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such that

FROM Knowledge and Memory In both of these cases, then, understanding means attempting to extract indexes such that old stories can be related to new ones. Is it the same as 'so that'? Can I replace it with 'so that'?Read More...
Hi, Duaiekan—The meaning of "such that" there is "in such a way that." If you replaced "such that" with "so that," the meaning would be different; it would indicate that the purpose of attempting to extract indexes is to relate old stories to new ones. However, a paraphrase is possible with "so" and "that" separated: In both of these cases, then, understanding means attempting so to extract indexes that old stories can be related to new ones.Read More...
Last Reply By David, Moderator · First Unread Post

To have had

"Oh, I am so sorry. She is young to have had a failing heart." Dear Sir What is the meaning "to have had" in the above sentence? In what situations these phrase use in English?Read More...

Mandative should vs Putative should.

Hi, everyone. The following 2 paragraphs are quoted from: https://www.thoughtco.com/puta...ould-grammar-1691554 1, In English grammar, putative "should" is the use of the word should in contexts that indicate surprise or disbelief, or that refer to the occurrence (or possible occurrence) of some situation or event. This usage differs from the should of obligation (i.e., the mandative "should"). 2, In addition, putative should "occurs in subordinate clauses as an alternative to the...Read More...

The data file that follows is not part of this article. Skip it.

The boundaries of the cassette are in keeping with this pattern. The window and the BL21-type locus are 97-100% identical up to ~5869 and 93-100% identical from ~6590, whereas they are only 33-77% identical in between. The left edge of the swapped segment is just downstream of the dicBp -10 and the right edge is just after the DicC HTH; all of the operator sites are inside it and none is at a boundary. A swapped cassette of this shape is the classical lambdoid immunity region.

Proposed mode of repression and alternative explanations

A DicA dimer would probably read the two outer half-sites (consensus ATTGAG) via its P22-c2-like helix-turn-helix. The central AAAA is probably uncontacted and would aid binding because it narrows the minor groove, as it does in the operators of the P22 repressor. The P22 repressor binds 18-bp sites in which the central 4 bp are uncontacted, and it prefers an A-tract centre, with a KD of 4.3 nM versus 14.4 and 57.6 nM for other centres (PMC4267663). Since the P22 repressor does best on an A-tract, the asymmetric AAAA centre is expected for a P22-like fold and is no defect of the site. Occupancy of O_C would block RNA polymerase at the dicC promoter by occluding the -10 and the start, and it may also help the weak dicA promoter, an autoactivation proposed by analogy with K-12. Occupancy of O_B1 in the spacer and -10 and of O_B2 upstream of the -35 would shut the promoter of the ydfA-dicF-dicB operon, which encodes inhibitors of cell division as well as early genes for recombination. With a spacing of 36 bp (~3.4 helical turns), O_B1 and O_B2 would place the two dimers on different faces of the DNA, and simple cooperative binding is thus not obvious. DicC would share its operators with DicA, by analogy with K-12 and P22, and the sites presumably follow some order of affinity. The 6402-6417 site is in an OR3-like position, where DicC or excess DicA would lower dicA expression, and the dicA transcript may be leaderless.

Thank you for sharing, Chuncan Feng. I read the article and found it very interesting. Congratulations! Note: I saw a couple of typos you might want to correct in case you still have the chance to do so.Read More...
Last Reply By Gustavo, Co-Moderator · First Unread Post

S + (has or have) + been + past participle

The problem is that there has been inadequate research and theory development to support the fast growing practice of scenario planning. S + (has or have) + been + past participle Why after “has been” the sentence does not follow with a“past participle” instead of an “adjective”?Read More...